• Intel identifies forward-looking IT solutions and networked embedded systems as the answer to social, economic, and environmental challenges
• European Premiere of the Intel Nehalem-EX server CPU and the new Intel-powered classmate PC
• Three new Intel Atom processors for embedded applications: extremely small and energy-efficient
Johannesburg, March 03, 2010 – In keeping with the theme of this year’s CeBIT, “creating the future – together”, Intel’s message will focus on how information technology can not only improve the productivity of work processes and the quality of life in the short-term, but also on how globally networked systems can help meet social, economic, and environmental challenges.
Christian Morales, Vice President and General Manager of Intel Europe, Middle East and Africa explained how Intel is forging ahead with this process at the Intel press conference. Diane Bryant, Vice President and Chief Information Officer of the Intel Corporation, provided a look behind the scenes at Intel and discussed how IT contributes to increasing value within the company. Intel is also poised to unveil new processor innovations at the CeBIT: the company will debut in Europe, for example, its Nehalem-EX processor live in Hanover along with the Westmere-EP processor which are both due to hit markets at the end of the first quarter. Intel will also introduce three new Intel Atom processors designed specifically for embedded applications. Visitors can also get a sneak preview of the Intel powered classmate PC which will be available in the 2nd quarter of 2010.
Using IT to tackle social and economic challenges
Information technology creates added value that is critical for work and production processes and plays a key role in solving the most pressing social, economic, and environmental issues of the future. Intel Europe General Manager Christian Morales and Intel, CIO Diane Bryant highlighted these issues at the Intel CeBIT press conference in Hanover.
More and more, globally networked embedded systems are becoming a key technology in safeguarding added economic value and overcoming social challenges. These challenges range from healthcare and support, to reducing emissions and energy consumption, all the way to increasing the safety of transportation systems and vehicles. If the future of the embedded Internet, where intelligent systems from all over the world are interconnected, is to become a reality then not only will industry-wide standards need to be developed but also computers will need to become faster, come in ever diminishing sizes and use the least possible amount of energy. By comparison, around 1,000 processing elements are projected for mobile systems in 2022; comparable devices currently have 80 processing elements.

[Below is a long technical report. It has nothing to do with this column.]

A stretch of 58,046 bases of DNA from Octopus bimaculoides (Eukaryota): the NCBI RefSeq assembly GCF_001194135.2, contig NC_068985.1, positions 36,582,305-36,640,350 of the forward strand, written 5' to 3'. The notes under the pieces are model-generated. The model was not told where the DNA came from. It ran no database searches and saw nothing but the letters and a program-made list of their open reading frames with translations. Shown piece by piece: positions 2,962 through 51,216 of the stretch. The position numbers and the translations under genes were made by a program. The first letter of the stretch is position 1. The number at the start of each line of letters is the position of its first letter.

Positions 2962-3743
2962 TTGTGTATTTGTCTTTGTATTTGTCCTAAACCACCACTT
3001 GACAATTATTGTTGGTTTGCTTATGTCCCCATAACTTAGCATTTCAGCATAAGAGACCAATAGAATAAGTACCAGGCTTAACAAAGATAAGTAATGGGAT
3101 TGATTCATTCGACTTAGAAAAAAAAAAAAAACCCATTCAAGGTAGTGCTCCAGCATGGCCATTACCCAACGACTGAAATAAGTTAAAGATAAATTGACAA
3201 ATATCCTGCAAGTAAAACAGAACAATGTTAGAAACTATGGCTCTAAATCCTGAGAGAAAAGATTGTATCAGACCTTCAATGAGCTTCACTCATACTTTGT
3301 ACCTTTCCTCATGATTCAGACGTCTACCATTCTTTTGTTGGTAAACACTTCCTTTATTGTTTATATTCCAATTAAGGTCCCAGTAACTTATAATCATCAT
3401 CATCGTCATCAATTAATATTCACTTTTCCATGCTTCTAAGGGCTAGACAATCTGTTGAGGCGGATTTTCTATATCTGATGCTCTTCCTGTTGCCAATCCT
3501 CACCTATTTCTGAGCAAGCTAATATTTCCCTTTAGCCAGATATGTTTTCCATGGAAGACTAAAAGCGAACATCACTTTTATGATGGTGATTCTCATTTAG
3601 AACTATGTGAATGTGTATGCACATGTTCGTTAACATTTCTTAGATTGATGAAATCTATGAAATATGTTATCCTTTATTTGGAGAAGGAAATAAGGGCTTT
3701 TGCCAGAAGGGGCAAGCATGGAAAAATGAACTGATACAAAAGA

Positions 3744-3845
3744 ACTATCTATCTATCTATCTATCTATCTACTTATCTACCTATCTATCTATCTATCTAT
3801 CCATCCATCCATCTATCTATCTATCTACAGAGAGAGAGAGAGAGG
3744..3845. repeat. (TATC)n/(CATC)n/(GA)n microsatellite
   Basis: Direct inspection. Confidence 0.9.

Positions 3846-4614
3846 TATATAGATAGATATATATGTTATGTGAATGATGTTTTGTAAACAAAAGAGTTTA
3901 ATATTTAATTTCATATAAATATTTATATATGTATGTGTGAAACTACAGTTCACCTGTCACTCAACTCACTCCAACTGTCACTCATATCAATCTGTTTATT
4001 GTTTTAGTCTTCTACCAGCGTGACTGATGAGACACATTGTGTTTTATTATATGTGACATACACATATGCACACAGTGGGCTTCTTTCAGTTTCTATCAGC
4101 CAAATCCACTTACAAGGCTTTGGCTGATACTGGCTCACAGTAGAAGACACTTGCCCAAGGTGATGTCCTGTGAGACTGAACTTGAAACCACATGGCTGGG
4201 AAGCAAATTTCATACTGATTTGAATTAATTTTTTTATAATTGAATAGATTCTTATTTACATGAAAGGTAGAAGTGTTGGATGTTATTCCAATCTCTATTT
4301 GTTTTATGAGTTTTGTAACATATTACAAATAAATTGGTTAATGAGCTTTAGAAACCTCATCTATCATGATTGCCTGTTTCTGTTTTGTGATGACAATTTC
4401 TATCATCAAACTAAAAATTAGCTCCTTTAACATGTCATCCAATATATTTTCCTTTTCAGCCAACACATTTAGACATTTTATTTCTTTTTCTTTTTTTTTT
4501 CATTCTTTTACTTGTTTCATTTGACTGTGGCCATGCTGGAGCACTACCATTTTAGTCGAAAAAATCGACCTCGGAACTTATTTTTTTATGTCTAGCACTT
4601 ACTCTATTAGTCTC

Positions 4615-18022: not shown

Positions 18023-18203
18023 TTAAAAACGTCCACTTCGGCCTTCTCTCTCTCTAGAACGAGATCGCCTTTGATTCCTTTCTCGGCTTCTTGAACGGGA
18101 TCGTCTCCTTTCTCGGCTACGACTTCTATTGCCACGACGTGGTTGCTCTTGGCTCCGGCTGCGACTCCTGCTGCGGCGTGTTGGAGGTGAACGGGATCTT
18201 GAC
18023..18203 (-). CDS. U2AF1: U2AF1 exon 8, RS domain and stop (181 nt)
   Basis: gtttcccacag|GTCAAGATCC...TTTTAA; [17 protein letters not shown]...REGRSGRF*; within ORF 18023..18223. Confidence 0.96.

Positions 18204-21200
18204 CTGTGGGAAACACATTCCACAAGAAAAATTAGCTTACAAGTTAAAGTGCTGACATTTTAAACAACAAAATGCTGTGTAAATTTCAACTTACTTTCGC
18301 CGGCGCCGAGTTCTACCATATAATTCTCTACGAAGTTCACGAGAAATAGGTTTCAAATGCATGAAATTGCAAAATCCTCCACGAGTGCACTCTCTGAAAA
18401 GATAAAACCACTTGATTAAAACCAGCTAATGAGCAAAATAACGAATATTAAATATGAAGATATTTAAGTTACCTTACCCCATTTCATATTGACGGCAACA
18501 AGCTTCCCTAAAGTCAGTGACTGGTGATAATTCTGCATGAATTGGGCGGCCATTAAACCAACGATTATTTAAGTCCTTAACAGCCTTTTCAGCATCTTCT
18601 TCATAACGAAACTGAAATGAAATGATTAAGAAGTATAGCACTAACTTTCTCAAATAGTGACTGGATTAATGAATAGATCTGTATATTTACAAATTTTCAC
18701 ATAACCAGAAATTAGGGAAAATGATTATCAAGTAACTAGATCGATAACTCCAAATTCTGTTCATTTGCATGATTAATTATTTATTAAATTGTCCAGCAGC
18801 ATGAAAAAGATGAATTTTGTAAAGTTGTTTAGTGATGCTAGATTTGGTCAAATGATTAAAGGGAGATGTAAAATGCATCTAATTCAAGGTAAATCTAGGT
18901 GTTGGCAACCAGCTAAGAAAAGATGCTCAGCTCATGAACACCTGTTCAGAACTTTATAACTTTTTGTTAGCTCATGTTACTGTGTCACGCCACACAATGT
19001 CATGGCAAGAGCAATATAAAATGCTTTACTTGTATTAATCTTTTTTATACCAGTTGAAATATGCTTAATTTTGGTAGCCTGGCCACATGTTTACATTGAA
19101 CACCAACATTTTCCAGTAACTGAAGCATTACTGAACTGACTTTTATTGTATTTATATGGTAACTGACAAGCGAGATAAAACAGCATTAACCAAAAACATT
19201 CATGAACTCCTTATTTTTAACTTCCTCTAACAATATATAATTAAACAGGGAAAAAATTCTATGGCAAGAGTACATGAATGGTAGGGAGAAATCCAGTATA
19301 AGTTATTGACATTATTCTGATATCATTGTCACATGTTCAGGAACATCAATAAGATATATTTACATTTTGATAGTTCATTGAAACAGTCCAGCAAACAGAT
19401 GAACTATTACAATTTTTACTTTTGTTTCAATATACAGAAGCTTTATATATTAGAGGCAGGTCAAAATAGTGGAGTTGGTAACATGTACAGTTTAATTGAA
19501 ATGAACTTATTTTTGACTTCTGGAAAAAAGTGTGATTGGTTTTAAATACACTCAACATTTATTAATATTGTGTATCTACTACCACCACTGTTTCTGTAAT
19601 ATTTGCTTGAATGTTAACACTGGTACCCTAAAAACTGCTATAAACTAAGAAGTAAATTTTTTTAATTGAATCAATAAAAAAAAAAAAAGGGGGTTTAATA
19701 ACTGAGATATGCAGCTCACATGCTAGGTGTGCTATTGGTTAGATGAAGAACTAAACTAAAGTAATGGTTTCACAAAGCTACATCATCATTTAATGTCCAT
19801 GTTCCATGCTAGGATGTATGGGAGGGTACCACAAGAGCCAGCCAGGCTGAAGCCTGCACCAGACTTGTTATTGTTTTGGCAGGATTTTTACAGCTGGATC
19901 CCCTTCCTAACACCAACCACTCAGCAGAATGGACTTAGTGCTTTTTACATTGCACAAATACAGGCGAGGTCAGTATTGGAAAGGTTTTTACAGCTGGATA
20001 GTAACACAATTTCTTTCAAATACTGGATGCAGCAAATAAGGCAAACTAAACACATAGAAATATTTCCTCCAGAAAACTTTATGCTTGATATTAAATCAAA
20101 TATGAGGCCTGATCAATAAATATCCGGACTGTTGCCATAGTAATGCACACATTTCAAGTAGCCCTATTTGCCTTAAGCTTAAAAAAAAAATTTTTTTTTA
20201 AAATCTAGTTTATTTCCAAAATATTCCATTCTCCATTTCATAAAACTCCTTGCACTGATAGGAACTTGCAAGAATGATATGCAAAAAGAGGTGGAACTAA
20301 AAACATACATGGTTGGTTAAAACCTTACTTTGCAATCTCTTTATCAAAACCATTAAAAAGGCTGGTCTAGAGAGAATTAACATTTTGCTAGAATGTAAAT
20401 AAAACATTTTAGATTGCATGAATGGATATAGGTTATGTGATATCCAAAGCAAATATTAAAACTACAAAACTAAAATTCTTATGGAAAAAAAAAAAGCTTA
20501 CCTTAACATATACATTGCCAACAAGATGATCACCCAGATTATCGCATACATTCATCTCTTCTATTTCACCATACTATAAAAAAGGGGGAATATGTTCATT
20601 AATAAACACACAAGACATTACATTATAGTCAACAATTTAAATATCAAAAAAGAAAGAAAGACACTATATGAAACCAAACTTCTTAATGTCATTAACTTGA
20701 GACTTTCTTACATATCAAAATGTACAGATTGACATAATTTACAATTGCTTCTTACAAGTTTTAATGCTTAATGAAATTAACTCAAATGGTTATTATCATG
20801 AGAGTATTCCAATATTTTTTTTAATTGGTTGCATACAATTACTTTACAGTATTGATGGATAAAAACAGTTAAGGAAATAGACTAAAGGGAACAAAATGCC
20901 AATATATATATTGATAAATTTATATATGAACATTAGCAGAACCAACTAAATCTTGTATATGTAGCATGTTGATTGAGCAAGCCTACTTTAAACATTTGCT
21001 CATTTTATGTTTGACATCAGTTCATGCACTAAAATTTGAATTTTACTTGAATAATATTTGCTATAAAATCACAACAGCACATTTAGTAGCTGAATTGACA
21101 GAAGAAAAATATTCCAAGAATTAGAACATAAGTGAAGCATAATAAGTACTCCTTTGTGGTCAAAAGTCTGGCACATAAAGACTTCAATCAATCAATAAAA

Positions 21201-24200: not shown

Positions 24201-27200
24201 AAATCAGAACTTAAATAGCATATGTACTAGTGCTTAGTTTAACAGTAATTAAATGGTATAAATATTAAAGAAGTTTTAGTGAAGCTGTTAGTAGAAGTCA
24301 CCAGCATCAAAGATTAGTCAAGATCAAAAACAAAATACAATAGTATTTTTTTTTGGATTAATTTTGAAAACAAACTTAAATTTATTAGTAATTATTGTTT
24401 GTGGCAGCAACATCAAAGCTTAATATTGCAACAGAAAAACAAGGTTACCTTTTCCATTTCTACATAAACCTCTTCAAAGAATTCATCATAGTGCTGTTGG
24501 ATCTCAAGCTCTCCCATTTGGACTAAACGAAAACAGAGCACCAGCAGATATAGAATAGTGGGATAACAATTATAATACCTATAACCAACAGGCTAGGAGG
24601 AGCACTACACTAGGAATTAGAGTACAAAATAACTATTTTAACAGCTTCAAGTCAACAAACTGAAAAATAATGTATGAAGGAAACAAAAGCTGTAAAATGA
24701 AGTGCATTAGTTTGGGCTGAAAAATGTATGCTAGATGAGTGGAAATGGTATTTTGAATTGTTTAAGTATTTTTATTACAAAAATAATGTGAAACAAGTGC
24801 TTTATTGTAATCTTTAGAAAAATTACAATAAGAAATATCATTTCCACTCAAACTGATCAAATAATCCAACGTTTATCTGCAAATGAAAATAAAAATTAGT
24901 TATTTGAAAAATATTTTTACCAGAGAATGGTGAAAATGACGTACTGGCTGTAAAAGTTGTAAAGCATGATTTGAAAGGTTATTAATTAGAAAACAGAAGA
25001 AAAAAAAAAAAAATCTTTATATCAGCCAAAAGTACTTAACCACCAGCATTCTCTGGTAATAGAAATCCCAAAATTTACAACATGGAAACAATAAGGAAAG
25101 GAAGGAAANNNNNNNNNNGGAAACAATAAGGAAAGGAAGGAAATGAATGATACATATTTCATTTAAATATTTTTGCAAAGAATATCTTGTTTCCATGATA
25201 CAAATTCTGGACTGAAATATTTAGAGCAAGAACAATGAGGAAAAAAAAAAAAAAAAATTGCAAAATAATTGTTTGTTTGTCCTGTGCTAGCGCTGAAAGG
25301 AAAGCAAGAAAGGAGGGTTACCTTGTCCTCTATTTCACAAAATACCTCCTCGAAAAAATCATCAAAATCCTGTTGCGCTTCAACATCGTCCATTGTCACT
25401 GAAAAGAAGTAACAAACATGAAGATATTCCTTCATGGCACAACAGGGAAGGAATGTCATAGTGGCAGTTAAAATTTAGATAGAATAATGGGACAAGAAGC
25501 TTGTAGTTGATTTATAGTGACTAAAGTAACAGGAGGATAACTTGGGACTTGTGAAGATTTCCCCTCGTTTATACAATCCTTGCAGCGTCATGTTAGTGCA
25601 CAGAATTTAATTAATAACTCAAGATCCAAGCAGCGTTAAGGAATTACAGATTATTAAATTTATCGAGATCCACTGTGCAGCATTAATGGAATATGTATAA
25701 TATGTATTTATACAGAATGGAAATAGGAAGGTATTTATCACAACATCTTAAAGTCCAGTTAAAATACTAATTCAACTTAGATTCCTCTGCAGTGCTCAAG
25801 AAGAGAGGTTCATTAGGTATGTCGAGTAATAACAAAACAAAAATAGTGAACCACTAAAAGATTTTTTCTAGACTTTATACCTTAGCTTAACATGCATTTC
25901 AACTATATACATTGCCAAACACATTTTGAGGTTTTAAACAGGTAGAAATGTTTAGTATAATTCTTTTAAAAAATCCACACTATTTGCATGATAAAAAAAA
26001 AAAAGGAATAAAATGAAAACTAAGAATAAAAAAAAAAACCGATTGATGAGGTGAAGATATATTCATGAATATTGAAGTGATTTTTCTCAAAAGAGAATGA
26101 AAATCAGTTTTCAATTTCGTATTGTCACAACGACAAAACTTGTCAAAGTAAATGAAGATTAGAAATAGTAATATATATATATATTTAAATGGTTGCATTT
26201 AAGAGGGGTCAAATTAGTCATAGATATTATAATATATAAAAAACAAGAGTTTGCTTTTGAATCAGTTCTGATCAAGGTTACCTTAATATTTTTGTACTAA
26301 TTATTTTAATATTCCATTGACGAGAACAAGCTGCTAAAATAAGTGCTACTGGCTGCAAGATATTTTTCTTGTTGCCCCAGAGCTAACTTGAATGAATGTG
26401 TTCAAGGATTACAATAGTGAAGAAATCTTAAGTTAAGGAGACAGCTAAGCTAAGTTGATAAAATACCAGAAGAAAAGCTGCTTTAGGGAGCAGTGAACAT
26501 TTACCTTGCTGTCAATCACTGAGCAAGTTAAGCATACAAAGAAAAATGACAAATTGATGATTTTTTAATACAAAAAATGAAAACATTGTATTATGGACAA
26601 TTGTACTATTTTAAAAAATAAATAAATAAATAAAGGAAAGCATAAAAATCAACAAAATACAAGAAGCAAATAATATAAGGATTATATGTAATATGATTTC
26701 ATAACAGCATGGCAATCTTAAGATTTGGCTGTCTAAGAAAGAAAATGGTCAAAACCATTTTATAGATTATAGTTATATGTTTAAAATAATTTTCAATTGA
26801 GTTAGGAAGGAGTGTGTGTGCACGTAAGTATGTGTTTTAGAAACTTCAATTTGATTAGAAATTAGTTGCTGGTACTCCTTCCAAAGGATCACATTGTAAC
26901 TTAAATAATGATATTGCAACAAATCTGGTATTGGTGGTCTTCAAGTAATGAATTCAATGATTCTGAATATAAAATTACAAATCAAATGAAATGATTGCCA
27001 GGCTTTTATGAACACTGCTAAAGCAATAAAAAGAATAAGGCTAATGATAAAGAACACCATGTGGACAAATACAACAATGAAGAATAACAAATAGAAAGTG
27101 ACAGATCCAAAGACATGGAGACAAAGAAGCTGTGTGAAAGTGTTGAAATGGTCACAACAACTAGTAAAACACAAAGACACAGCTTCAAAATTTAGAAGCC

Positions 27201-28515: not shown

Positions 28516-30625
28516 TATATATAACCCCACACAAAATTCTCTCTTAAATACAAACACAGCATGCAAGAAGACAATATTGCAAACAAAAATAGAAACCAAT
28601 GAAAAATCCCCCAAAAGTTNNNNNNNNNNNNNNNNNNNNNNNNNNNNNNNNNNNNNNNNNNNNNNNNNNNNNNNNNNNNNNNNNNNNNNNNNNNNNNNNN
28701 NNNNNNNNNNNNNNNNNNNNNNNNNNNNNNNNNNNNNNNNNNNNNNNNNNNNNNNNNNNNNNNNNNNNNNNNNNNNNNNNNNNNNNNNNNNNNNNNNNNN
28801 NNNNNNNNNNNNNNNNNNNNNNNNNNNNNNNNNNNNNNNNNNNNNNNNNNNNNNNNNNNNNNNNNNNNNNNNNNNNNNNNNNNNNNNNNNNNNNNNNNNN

Intel IT Performance Report and premiere of Nehalem-EX and Westmere-EP
The Intel IT Performance Report (http://www.intel.com/it/apr.htm) shows precisely how Intel manages its enormous and ever-growing data volume and the role IT plays in the complex manufacturing process of microprocessors. Large-scale simulations on extremely fast supercomputers are needed to develop chips like the Westmere-EP server processor which contains 6 cores and integrates an astounding 1.17 billion transistors. Without high performance computing of this kind, this degree of complexity would be unthinkable as would a cost-effective development and manufacturing process.
The next generation of Intel server processors, set for market launch later this quarter, will be the new standard to beat when it comes to computing speed. Intel will give the first live demonstration of the Nehalem-EX processor at CeBIT. The chip is available with up to 8 cores and can process 16 threads simultaneously. Intel also introduces the Westmere-EP processor – the first 32nm chip that will be available end of first quarter 2010.
Compute power is one of the core research tasks of Intel Labs Europe. In research facilities all over Europe the typical day in the life of data is continuously optimized – from its collection to its storage, transportation, manipulation and right through to the final end user interaction.
New embedded processors and a preview of the new classmate PC design
At CeBIT Intel launches three Intel Atom processors with 7-year lifecycle support aimed at the embedded market. The processors – single-core N450 and D410, and dual-core D510 – feature integrated, enhanced graphics and memory controllers built directly onto the CPU, enabling performance improvements and, energy-efficiency. The three processors are paired with an I/O controller ideal for the embedded market – the Intel 82801HM I/O Controller – for a 2-chip solution which provides rich I/O capabilities and adds flexibility via high-bandwidth interfaces, including PCI Express, PCI, SATA and USB 2.0 connectivity. The trio is ideal for small, energy efficient applications such as those found in industrial, print imaging and digital security surveillance embedded market segments. The CPUs are now available and the unit price for orders of 1,000 units ranges from between US$ 43.00 and US$ 63.00.
Intel is also unveiling a new design for the Intel-powered convertible classmate PC at CeBIT which combines aesthetics with ruggedness. It also boasts full PC functionality, enhanced e-reading capabilities , improved performance and an energy efficient design. We expect local PC manufacturers to bring this new design to market in the second quarter of 2010.
In the past year, we have seen governments placing more resources to bring 1:1 e-Learning to their classrooms, preparing students with tools and skills to thrive in the 21st century global economy. Countries such as Portugal and Macedonia are leading the way in country-wide deployments of PCs for their students. We expect the new convertible classmate PC design will offer countries more options that will cater for different needs of students around the world.